Love Story: The Impact of Taylor Swift's First Decade in Music
Ten years after "Tim McGraw" debuted, Swift's role in country music is undeniable.
When “Tim McGraw” slipped onto Billboard’s Hot Country Songs chart at No. 60 on July 1, 2006, the single earned a thumbnail breakout synopsis, courtesy of now-deceased country chart manager Wade Jessen: “Singer gets first national chart ink exclusively in Billboard. Song title name-checks fellow artist.”
It was a rather quiet beginning for Taylor Swift, who in the ensuing decade managed to conquer country and, in an unprecedented move, transition fully into life as a pop artist with her latest album, 1989, without even a hiccup.
Swift, of course, was a mere 16 years old when she made that “Tim McGraw” debut, defying a few basic tenets in the process. She insisted on writing her own songs, mining real-life experiences and worming her way into a format that was historically viewed as a place where adults sang grown-up songs for other adults. She had her battles. Radio research — particularly in the early years — showed males in the upper demos were chilly. But teenage girls loved her. She became a bonding element for those girls and their mothers, and — boom! — a country star was born.
In fact, the country landscape is much different today, thanks in part to Swift and her insistence on following a game plan that many considered unorthodox.
“It was always really uncanny to me,” says Cassetty Entertainment president Todd Cassetty, who worked with Swift on videos, social media campaigns and at least one NBC TV special. “In the early days, she would make decisions that ‘adults’ would question, and she was always right. She’s just acutely aware of what her fan base wants.”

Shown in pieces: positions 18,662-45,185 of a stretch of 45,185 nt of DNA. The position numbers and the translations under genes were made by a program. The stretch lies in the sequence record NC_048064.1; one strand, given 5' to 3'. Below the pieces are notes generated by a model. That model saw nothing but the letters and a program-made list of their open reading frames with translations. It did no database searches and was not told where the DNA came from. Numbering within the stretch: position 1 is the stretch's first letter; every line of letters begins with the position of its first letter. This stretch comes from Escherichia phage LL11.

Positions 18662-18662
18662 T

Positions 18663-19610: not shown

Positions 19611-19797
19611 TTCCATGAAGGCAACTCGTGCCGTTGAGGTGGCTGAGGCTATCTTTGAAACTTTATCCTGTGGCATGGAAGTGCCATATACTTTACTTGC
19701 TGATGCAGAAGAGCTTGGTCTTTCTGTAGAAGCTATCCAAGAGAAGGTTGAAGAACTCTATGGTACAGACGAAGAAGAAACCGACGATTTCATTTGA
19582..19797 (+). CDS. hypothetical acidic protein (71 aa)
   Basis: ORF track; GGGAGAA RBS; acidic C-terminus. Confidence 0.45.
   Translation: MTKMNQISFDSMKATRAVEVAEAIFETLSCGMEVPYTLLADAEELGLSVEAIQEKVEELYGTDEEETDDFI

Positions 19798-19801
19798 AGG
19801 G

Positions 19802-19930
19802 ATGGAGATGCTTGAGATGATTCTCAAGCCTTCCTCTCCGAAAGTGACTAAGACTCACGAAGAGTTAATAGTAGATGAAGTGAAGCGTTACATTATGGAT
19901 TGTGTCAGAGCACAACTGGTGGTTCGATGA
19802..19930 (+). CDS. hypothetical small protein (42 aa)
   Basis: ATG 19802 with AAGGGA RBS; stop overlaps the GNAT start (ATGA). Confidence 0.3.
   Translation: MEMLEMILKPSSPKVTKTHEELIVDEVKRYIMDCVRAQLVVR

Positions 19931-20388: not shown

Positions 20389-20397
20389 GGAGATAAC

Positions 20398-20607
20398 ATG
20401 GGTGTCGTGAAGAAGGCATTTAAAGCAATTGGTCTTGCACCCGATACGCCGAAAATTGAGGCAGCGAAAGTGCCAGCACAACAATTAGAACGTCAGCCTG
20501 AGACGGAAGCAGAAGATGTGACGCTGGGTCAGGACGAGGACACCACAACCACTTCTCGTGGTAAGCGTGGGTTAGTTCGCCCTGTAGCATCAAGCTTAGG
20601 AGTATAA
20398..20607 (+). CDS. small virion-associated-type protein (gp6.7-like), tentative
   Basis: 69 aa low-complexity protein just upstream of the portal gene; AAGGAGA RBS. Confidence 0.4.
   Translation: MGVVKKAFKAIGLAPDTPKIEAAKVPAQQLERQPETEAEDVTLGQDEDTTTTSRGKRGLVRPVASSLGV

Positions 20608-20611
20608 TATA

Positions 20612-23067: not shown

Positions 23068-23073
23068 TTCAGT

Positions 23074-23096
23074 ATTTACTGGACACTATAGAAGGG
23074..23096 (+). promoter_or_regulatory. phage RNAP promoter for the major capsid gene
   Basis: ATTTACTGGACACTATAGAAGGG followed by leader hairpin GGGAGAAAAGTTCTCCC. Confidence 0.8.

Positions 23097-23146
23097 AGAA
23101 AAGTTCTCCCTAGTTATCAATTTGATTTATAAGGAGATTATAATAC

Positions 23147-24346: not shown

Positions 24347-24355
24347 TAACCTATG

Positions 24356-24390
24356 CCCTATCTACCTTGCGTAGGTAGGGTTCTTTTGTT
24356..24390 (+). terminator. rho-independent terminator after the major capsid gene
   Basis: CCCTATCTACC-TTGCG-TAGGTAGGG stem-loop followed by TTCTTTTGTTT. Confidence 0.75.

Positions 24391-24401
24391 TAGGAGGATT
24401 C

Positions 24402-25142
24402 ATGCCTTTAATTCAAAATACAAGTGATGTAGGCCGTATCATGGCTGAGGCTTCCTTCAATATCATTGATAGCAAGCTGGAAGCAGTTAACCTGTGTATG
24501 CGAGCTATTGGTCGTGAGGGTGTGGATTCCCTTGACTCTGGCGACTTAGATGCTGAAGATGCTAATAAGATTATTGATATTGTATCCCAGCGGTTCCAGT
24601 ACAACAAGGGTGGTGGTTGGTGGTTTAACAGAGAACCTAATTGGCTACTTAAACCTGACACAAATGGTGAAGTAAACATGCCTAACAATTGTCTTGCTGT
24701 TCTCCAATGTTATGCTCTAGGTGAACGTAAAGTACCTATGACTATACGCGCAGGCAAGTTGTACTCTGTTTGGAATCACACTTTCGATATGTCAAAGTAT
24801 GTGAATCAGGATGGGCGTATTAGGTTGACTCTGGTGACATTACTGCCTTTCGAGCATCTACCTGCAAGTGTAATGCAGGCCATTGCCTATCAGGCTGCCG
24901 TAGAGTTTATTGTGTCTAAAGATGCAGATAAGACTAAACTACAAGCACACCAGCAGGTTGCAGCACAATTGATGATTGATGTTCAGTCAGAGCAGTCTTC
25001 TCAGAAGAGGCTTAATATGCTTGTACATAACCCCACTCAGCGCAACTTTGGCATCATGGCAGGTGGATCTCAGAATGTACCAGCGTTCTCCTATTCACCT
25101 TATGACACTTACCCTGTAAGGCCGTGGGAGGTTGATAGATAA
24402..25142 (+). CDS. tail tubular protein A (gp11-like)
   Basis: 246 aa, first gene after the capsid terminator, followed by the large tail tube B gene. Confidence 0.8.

Country is viewed much more favorably in the current media landscape than it was when Swift debuted in 2006, and while she didn’t create that change alone, it’s safe to say that she played a role in that shift. Listed below are a handful of ways that Swift influenced the evolution of the genre, sometimes on her own, sometimes in tandem with other acts or in lockstep with the culture as a whole:
• The audience grew younger. While country radio has long embraced a wide 25-54 demographic as its target audience, it historically skewed toward the 35-plus segment. Music Row has wanted to lower the median age since at least the early 1980s, but it never has been more successful than during Swift’s rise. One could argue, in fact, that the bro-country fad — which temporarily brought in a ton of 25-34 listeners — might not have occurred if Swift hadn’t shown that younger listeners were open to country.
“She introduced a new age group to this format because of her sound and because of her writing,” says Nash Network director of programming John Shomby, who has been in Swift’s corner since meeting her on her first radio-promotion tour when he was WGH Norfolk-Virginia Beach, Va., PD. “She wrote for that specific age and was the first one to ever do that.”
• Online metrics became a meaningful way to influence radio. Swift established a MySpace page on Aug. 31, 2005 — the day before Big Machine officially launched as a label — and she subsequently amassed more than 45 million streams through that site. Big Machine Label Group president/CEO Scott Borchetta used that data to prove to skeptical stations that an audience indeed existed for his artist. Employing social media and/or streaming service info to prove an act’s viability to radio is now standard operating procedure.